Frankie Bridge: “I felt like I didn’t know who I was while I was pregnant”

by Emily Thorpe |

Presenter, author and mum-of-two, Frankie Bridge is looking sun-kissed and well-rested after a holiday with her family visiting her sister in Bermuda. But despite appearances, we're here to talk about what can be an invisible illness for many and is a topic close to Frankie's heart, maternal mental health.

Frankie has written Grow: Motherhood, mental health & me (out now), a part narrative exploration, part first aid manual for mums that discusses the hidden growing pains which take place when you become a parent.

"I realised, especially through lockdown, that motherhood and mental health just isn't a subject that's really spoken about much. I feel like we've come such a long way with mental health in general but I think because we are made to believe and made to feel that being a parent is the be-all and end-all and it's gonna make you the happiest person alive, we feel like we can't talk about finding it hard.

"So I just wanted to write a book to say, 'Look, this is how my journey was, your journey might be completely different. But hopefully, this will help you to realise that and to be able to say, 'Hey, I'm not feeling great', or 'Actually, I don't like this part of being a parent'."

The book is an open and honest read, featuring Frankie's own raw experiences both during and after her pregnancies with sons Parker, seven and Carter, five, alongside explanations from psychiatrist Mal and Frankie's own children's paediatrician Ed, something that was incredibly important to her to include.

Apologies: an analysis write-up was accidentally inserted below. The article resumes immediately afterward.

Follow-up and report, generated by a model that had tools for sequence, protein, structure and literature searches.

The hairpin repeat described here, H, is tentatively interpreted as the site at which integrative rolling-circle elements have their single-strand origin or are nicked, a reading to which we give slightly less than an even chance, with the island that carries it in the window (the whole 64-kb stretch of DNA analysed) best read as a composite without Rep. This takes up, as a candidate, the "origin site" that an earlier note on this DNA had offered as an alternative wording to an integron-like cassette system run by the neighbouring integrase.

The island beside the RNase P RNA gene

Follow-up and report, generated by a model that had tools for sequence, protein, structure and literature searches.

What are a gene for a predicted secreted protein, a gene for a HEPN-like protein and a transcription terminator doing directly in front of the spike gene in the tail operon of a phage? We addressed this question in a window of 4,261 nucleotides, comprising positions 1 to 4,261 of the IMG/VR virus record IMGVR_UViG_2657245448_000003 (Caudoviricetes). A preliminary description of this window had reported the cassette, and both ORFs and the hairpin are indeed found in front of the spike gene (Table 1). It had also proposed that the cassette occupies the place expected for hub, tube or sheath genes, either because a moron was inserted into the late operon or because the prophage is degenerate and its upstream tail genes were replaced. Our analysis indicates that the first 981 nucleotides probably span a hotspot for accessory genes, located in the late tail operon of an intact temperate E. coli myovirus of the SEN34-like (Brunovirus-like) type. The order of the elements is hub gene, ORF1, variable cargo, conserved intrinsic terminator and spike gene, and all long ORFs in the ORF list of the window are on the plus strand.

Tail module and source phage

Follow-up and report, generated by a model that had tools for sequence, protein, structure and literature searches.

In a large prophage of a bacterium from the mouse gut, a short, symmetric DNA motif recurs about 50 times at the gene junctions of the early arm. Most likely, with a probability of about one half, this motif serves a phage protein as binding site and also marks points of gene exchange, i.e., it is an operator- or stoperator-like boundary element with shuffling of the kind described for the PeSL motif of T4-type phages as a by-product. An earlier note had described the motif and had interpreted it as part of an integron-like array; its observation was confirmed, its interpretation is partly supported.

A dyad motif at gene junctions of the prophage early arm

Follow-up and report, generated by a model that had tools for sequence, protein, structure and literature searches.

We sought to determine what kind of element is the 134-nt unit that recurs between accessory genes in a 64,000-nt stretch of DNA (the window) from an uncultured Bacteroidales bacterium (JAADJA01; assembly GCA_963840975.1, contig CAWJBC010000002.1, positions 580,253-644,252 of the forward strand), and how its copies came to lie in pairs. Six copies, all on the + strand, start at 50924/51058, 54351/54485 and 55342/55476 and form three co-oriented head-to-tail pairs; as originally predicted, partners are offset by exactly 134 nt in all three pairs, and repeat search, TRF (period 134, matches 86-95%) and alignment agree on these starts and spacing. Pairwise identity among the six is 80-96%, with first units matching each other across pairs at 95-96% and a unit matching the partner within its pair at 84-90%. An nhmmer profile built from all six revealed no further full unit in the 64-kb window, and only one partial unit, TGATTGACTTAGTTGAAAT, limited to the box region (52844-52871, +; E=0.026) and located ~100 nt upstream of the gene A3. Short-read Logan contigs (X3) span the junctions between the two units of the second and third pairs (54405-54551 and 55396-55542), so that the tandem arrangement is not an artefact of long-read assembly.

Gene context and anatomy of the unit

"I think that's what sets my book apart from other parenting books. Because that's what helped me in my journey with my mental health - having facts and having reasons why things are happening. So instead of thinking, 'Oh, I'm just a bad parent' or 'I'm just not good at this.' I could go 'Oh, actually, medically, this is why this is happening.' And that makes you feel so much better and it makes you feel less crazy."

Having suffered depression and anxiety most of her life, it was assumed that Frankie would get post-natal depression, however, she credits this not happening due to staying on her medication while she was pregnant.

"I thought 'you're pregnant, you're happy, it's the best time in your life, right?' Not necessarily"

"My depression was so much worse while I was pregnant," she explains. "I think that's because my body was changing so much and it was something I just was not ready for or used to, that feeling of being completely out of control.

"I just felt like I didn't really know who I was while I was pregnant. You're not quite a mum yet but you're not who you were before either. You're kind of in this middle ground and I found that really hard. And actually, my obstetrician at the time said, 'It's so common Frankie, antenatal depression is so common.' But I've never heard of it before! I didn't know it was a thing because I thought 'you're pregnant, you're happy, you're growing a human, it's the best time in your life, right?' Not necessarily."